Author Paddy Eger takes readers into the real life world of ballerinas. Young readers will get a first hand look at the excitement, hard work, and sacrifice it takes to reach their dreams. ...Vivid imagery fills these short chapters with character and emotional that will keep any reader engaged and connected. Read the full review at Kristi's book Nook blog.

Reviewed by Kristi of Kristi's book Nook


 

84 Ribbons is an alluring story about the roller coaster known as life and the struggle to find that special niche that ends in happiness.

Marta is a ballerina and has been dancing since she was a little girl. She has dreamed of the chance to dance as a professional. Now, at the age of 17 she is given the opportunity of a lifetime, she has been selected to travel to Billings, MN to dance with the Intermountain Ballet Company. Marta is eager and nervous as she begins the next chapter of her life. Marta finds a place to live, begins her rigorous dance practices, meets a handsome journalist, and makes two new best friends. Her life seems to be unfolding better than she had hoped. But, life has a funny way of taking it's own path and Marta soon discovers that the best laid plans don't often end the way we had hoped. Will she ever earn the 84 ribbons she longs for? Read the full review here...


Reviewed by Stacie Theis of Beach Bound Books


 

84 Ribbons by Paddy Eger is a coming of age story set in the 1950s in the Midwest. Aimed at a young adult audience, the author takes us on a journey of trial and error as a young girl, Marta, receives an opportunity to fulfill her life-long dream of being a professional ballerina. As we watch this 17 year old girl become independent and turn into a grown woman, the difficulties and loss of innocence that she encounters can touch every reader. Paddy Eger does a great job of pulling in the emotional aspects of growing up and how difficult it can be or was for every adult.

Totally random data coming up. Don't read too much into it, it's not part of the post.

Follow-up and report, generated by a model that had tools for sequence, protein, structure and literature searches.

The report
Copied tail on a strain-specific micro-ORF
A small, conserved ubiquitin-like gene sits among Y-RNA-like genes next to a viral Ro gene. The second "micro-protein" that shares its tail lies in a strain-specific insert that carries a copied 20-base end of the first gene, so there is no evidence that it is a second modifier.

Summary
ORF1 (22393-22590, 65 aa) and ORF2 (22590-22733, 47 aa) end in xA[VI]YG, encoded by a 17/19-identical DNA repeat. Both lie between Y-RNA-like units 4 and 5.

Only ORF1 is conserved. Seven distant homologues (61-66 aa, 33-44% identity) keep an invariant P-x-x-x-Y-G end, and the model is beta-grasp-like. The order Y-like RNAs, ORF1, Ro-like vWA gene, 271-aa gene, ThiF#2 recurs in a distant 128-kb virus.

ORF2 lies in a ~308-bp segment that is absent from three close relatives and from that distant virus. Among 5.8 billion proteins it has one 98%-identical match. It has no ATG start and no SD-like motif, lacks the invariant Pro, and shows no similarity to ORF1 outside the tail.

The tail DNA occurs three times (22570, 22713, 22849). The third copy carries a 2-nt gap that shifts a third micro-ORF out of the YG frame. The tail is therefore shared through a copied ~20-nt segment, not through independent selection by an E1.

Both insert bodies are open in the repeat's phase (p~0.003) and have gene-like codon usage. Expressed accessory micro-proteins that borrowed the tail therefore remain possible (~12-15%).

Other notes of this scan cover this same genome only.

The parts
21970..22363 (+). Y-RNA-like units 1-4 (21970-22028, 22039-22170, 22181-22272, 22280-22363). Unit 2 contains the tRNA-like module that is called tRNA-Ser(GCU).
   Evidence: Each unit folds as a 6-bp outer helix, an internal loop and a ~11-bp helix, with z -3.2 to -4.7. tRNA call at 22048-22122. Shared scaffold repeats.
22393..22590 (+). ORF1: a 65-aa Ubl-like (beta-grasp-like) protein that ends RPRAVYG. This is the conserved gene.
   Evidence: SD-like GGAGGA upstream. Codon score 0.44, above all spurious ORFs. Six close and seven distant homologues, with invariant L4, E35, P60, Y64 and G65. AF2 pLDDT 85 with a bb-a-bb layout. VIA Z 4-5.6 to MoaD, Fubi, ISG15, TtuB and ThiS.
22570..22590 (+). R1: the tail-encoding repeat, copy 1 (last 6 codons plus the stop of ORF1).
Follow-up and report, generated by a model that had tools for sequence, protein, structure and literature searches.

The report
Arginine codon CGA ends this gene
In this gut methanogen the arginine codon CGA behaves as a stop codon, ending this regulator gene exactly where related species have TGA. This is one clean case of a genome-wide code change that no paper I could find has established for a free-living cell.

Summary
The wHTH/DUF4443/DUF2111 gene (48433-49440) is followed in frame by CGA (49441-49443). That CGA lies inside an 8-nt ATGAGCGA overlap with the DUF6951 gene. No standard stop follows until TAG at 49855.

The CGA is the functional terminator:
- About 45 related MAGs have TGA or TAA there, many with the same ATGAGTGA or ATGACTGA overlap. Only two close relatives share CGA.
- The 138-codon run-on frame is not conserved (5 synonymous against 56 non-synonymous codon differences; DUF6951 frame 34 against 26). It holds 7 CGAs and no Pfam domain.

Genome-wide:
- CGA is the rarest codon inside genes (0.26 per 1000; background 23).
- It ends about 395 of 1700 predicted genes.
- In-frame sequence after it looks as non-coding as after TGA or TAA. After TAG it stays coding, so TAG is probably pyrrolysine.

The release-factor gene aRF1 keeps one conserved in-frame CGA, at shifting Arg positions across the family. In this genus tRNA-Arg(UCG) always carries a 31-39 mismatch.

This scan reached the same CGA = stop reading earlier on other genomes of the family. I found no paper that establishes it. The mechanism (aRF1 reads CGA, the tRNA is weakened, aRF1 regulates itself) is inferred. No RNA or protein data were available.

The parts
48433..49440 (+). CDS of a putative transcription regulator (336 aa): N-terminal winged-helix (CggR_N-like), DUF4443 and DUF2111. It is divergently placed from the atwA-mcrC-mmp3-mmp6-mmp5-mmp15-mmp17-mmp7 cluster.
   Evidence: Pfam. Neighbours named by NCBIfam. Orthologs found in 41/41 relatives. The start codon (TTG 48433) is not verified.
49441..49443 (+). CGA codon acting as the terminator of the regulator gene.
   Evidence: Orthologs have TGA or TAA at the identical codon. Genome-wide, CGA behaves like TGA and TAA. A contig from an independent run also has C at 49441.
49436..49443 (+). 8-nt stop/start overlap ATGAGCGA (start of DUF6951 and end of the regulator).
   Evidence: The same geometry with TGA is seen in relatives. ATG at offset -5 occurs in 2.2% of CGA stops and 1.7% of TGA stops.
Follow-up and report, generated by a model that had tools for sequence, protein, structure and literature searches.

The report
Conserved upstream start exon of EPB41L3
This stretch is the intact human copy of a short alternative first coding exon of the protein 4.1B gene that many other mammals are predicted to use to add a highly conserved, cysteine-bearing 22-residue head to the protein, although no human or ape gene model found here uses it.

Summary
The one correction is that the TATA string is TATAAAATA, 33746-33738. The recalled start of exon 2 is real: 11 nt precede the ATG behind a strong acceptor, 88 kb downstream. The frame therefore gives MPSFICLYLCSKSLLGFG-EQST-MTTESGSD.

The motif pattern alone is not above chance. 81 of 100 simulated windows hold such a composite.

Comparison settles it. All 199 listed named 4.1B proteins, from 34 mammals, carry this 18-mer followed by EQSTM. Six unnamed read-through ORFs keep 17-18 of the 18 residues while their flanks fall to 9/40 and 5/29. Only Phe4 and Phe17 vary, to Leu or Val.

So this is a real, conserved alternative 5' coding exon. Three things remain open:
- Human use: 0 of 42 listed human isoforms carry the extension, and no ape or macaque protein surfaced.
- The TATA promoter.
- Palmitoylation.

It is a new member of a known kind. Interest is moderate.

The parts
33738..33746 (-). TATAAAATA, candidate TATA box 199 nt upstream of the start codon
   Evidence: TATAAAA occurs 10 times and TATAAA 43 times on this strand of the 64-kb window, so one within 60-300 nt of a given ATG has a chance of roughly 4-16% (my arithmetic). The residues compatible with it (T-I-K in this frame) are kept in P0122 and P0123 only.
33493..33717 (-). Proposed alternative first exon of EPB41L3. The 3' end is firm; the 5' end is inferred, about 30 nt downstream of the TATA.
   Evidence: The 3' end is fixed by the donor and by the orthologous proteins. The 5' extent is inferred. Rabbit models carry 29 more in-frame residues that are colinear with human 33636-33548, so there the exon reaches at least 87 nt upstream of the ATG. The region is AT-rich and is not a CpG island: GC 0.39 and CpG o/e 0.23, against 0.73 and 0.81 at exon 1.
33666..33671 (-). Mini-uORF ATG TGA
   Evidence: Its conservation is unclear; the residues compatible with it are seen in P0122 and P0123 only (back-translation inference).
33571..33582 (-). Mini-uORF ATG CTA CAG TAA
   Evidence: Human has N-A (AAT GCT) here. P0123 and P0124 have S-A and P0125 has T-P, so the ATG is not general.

I was pleasantly surprised with this storyline as Marta encountered serious obstacles that were very believable, instead of just a sweet story with no real issues being dealt with.

Overall, I think that 84 Ribbons by Paddy Eger was very well done, and will please any young adult who is wondering what it is like to grow up. I think that the descriptions of the ballet world were very in depth and accurate, so I think that this will be a pleasant aspect of the novel that will please the dancing audience. There are too many coming of age stories out there where the main characters are very whiny, but in this story, the main character is likeable and, as I mentioned before, deals with very serious problems that many others were facing at that time as well.

I recommend this book to any young adult, and even parents of teenagers who are about to go off on their own. It is good for everyone to go back into their earlier years and remember what it was like facing the world on your own and how scary it was.

Reviewed by Taylor Whalen for Reader Views


 

....believable characters who tell an engaging story, 84 Ribbons is sure to please YA readers, giving them a true heroine, who dares and strives to dream big.

—Lauraine Snelling
Author of the Red River of the North series, Wild West Wind series,
Wake the Dawn, S.A.V.E. Squad series and more.


Any young dancer will find herself in Marta’s story.

—Newbery Honor author Kirby Larson, Hattie Big Sky


A compelling coming-of-age novel, Eger’s look inside the world of ballet offers both inspiration and heartbreak.

—Miriam Wenger-Landis, former ballerina with the Miami City Ballet
& author of Girl in Motion & Breaking Pointe


As a mother of a teenage dancer, I read the story and thought about how my daughter would handle herself if she faced the obstacles Marta experienced. The story gave me hope that with a little guidance, she’d find her way much like Marta did.

—Eileen S.


I’m a high school junior and I’ve danced competitively since elementary school. I enjoyed 84 Ribbons because it’s about an ordinary girl from a small town who has the talent and the passion to pursue her goal to dance! The heroine, Marta, gave me hope for any challenge I might face.

—Riley H., Student and dancer